Assessing behaviour, not personality

[:en]

Profiles for People (PfP) is a suite of twelve organisational behaviour surveys created in 1979 as a multipurpose organisation development tool. Although there are many formal and informal OD diagnostic tools in use, there appears to be no parallel to PfP.

The survey suite differs from personality–based instruments in several ways, including:

  • Designed specifically for organisational and personal improvement.
  • No underlying theories of personality.
  • Does not discriminate on the basis of gender or ethnicity.
  • Reports observable behaviours as indicated by actions, speech and expressions.
  • Derived from the common body of knowledge and from practical behavioural models.
  • No divisive or limiting labelling, eg, ‘You are an introvert/extravert (forever)’.
  • Individual and collective behaviours are able to change.

 

History

The PfP surveys were conceived, designed and constructed in 1979–81 by father and son, Michael F Dakin and Peter G Dakin, and used actively in consultancy.

The initiative was sparked by Michael Dakin’s dissatisfaction with personality–based assessments as a platform for organisation improvement. He recognised that personal traits do not translate directly to specific, predictable and variable behaviour.

A full review of the core source material led to the drafting and testing of the first surveys. The prototypes met the expectations of test clients and respondents, and of the authors.

 

Sources and Influences

Main Writer   Key Works Referenced
Sun Tsu C 544–496 BCE The Art of War

Sun Tzu (544 – 496 BCE) was a Chinese general, military strategist, writer and philosopher who lived in ancient China. To this day, The Art of War continues to influence many competitive endeavours in the world of culture, politics, business and sports, as well as modern warfare.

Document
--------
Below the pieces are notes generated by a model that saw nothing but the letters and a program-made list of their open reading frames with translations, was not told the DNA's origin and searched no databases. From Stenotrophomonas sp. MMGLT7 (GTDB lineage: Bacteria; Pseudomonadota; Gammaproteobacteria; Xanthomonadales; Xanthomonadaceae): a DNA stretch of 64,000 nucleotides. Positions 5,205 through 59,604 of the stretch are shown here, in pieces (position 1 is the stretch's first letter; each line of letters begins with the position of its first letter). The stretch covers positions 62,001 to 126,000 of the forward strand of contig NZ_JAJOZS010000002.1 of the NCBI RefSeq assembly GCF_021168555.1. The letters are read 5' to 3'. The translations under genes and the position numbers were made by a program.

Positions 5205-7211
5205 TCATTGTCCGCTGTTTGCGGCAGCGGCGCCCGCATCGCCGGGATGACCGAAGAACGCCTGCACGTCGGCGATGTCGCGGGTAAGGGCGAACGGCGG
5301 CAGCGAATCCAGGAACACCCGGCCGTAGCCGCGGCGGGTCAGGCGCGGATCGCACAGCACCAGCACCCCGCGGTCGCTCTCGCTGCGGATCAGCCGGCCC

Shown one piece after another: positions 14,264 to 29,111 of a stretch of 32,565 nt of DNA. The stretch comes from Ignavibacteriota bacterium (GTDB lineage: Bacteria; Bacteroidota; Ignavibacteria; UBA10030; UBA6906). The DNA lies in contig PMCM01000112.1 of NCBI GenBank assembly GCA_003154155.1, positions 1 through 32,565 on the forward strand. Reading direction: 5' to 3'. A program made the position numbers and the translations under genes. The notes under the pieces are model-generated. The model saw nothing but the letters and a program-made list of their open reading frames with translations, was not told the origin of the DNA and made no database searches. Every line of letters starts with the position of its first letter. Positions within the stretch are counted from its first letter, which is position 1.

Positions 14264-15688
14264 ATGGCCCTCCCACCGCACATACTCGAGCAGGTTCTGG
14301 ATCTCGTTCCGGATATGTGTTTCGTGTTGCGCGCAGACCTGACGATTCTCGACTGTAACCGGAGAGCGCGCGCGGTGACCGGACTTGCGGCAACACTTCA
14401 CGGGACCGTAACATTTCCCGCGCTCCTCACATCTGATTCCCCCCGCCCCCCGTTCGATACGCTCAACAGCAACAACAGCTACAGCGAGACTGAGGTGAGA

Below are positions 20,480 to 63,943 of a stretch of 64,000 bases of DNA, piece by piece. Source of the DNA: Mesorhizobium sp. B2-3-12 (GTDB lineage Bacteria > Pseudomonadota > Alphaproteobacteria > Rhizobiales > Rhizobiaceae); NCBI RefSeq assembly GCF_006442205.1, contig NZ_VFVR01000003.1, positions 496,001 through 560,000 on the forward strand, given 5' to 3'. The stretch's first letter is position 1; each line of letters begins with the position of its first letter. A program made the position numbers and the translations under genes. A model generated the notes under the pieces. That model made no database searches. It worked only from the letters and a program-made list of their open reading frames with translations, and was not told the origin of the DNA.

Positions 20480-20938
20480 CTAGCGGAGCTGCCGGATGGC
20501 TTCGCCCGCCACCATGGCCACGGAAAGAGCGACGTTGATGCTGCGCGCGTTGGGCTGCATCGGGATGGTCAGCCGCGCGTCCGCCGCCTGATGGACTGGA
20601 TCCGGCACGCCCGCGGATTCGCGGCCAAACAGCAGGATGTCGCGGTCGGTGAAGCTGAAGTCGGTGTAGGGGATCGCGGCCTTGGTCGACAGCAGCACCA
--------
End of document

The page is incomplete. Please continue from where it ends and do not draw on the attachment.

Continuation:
Henri Fayol 1841–1925 Functions & Principles of Management

Henri Fayol (1841 – 1925) was a French mining engineer, mining executive, author and director of mines who developed general theory of business administration – Fayolism. He is widely acknowledged as a founder of modern management methods.

Kurt Lewin 1890–1947 Group Dynamics

Kurt Lewin (1890 – 1947) is often recognised as the “founder of social psychology” and was one of the first to study group dynamics and organisational development.

Rensis Likert 1903–1981 Management Systems I to IV

Rensis Likert (1903 – 1981) is primarily known for developing the 5-point Likert scale, a psychometric scale that allows people to respond to questions of interest, in order to measure people’s attitudes. Likert founded the theory of participative management, which was used to engage employees in the workplace and ultimately allow them to enjoy their job more.

Frederic Kuder 1903–2000 Kuder Occupational Interest Survey
Kuder is one of the developers of the Kuder–Richardson Formula 20 (KR-20, first published in 1937), a measure of internal consistency reliability for measures with dichotomous choices. 
A Maslow 1908–1970 Motivation and Personality
Maslow (1908 – 1970) is best known for creating Maslow’s hierarchy of needs, a theory of wellbeing predicated on fulfilling innate human needs in priority, culminating in self-actualisation. Maslow stressed the importance of focusing on the positive qualities in people, as opposed to treating them as a “bag of symptoms.”
Eric Berne 1910–1970 Transactional Analysis, Games People Play
Eric Berne (1910 – 1970) was a prolific thinker on behavour, who created the theory of transactional analysis as a way of explaining human behaviour.
Louis A Allen 1917–2010 Management & Organization
Allen was an American management consultant, and was the first to fully classify human work into categories, a typology which facilities diagnosis and correction of organisational problems.